Alexander Zaitchik is a freelance writer in Brooklyn, NY.
Indigenous Ecuadorian Village Battles Oil Giant—and Army January 14, 2013Posted by rogerhollander in Ecuador, Energy, Environment, First Nations.
Tags: amazon watch, Ecuador, ecuador indigenous, ecuador oil, Ecuador petroleum, environment, fossil fuels, petroamazonas, petroecuador, rainforest, roger hollander
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‘We may die fighting to defend the rainforest’
An indigenous community in the Ecuadorian rainforest says they “will die fighting to protect the rainforest” after they say they were swindled by an oil company into signing away rights to 70,000 hectares of one of the most biodiverse areas in the world.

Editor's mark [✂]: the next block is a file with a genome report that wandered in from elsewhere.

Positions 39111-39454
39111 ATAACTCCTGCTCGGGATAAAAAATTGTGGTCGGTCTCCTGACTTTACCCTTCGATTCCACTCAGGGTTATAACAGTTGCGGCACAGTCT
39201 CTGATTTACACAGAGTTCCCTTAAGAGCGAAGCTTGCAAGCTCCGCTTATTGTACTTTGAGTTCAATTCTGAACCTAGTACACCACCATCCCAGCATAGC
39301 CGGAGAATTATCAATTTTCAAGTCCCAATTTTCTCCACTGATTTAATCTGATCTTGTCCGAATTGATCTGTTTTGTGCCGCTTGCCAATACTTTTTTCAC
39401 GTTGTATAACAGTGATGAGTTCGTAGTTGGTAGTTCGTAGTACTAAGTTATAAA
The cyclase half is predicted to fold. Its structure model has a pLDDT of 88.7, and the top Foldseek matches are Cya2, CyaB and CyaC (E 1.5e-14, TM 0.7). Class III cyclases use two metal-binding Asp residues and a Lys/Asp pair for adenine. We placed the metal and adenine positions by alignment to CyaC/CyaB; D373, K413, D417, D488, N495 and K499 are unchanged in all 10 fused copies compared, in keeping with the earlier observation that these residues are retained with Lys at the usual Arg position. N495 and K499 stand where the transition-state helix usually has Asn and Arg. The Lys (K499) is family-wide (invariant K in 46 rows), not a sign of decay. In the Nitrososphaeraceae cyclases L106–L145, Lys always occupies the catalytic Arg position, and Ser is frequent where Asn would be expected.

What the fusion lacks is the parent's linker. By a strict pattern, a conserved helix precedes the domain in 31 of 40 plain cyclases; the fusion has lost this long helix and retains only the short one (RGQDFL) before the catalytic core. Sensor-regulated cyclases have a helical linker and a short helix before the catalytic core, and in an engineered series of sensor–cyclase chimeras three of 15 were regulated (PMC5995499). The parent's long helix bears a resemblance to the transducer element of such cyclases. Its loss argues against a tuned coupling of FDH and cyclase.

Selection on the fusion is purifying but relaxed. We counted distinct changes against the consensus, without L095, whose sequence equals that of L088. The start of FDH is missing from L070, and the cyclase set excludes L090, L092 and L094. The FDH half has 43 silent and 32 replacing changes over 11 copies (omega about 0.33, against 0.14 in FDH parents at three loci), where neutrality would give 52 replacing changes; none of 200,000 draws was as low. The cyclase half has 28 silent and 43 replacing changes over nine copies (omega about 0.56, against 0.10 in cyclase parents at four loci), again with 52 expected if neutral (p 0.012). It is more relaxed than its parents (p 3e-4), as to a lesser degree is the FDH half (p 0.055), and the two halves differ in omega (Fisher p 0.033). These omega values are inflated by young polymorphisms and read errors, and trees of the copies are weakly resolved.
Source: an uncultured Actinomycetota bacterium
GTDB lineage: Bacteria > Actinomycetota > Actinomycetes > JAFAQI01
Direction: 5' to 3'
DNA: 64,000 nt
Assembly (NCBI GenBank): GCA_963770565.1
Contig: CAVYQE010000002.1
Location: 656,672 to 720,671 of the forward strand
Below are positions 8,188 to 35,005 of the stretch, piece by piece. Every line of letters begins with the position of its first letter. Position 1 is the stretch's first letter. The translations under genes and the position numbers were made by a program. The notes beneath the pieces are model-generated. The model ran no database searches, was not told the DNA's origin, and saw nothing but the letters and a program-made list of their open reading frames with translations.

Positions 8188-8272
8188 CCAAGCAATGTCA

An Amazonian species of dragonflies with iridescent wings is among the species found in Yasuni national park in Ecuador, the most biodiverse region on Earth, under siege by the state-backed Petroamazonas oil company. (Photograph: Kelly Swing/Estacion Tiputini Colegio de Ciencias Biológicas y Ambientales/Universidad San Francisco de Quito)
But the state-backed oil company, PetroAmazonas—backed by the Ecuadorean army—plans to begin prospecting the Kichwa village on the Napo River on Tuesday, The Guardian reports.
PetroAmazonas, one of the biggest oil companies in South America, originally offered the village a new school, university places for village children and better healthcare, but dropped those provisions before the chief of the village signed away the rights to the land for $40 per hectare.